Employee's Epithets Protected Under Labor Law
Author: Michael Cardman, XpertHR Senior Legal Editor
August 24, 2022
As a recent appellate court ruling illustrates, employers may land in hot water if they discipline or terminate employees for making profane, racist or sexist remarks while engaging in activities protected under the National Labor Relations Act (NLRA).
In Constellium Rolled Products Ravenswood, LLC v. NLRB, a manufacturing company terminated an employee after he wrote "whore board" at the top of sign-up sheets for voluntary overtime. The sign-up sheets involved the employee's conditions of employment and, therefore, his speech about them could be considered protected under the NLRA.
But the manufacturer had failed to discipline or censor the use of the epithet "whore" and tolerated extensive profanity, vulgarity and graffiti throughout the workplace before disciplining the employee. In fact, one employee said the language at the workplace ranged from a "G" movie rating to "NC-17," and "whore board" rated only a "PG" on this scale.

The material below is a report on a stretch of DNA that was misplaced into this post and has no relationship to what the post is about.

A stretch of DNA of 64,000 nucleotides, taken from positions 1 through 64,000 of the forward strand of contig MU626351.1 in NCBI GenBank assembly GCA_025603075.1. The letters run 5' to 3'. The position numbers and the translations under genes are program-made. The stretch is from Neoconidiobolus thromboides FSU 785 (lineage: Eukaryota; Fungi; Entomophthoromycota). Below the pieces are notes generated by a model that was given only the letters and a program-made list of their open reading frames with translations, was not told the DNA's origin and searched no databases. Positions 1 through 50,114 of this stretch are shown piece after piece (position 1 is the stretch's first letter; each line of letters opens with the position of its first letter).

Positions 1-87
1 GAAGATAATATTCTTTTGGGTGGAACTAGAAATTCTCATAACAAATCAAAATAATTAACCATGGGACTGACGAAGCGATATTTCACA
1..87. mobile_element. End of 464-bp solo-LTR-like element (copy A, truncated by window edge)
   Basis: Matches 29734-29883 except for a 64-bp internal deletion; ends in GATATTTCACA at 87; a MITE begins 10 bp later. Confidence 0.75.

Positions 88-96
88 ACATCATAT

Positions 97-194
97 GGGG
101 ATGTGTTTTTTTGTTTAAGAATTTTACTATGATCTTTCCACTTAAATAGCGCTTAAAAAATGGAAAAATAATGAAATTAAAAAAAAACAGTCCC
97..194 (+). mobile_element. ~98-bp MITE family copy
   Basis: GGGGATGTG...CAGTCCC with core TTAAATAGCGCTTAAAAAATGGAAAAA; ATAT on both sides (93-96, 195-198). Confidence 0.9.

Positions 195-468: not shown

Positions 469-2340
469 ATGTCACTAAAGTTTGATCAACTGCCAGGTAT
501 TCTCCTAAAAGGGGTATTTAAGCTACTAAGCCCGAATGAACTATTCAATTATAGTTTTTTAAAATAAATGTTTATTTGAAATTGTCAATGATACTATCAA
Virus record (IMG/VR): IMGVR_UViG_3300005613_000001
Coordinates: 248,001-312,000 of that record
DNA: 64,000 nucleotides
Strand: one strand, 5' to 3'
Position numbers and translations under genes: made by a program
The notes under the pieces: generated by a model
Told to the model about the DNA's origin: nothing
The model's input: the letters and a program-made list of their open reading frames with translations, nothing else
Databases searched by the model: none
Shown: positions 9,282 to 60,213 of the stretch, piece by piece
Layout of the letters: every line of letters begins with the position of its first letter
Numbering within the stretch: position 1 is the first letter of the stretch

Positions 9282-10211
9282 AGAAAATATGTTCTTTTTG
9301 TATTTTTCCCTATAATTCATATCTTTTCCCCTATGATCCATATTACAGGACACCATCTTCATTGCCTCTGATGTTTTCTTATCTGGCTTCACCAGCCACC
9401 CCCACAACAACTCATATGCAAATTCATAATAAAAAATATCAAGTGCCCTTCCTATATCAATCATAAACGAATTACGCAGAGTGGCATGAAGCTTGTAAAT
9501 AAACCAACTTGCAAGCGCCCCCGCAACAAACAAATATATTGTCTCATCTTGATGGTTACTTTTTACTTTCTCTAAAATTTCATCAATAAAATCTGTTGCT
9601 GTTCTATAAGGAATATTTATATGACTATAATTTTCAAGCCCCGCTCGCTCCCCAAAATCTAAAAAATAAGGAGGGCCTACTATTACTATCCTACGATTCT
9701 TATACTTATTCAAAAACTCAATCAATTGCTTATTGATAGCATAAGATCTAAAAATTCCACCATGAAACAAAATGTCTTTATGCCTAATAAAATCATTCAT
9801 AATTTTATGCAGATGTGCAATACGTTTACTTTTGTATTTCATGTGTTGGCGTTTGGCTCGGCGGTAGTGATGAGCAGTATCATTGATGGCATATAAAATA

As a result, the United States Circuit Court of Appeals for the District of Columbia Circuit concluded that the manufacturer failed to show that it terminated the employee because of his violation of its antiharassment policy rather than because of his NLRA-protected activity.
Consistency is the key: If an employer wants to fire an employee for vulgar speech that violates its antiharassment policy, it must be able to show it would have done the same even if the employee had not been organizing unions, bargaining collectively, striking or engaging in any other NLRA-protected activities.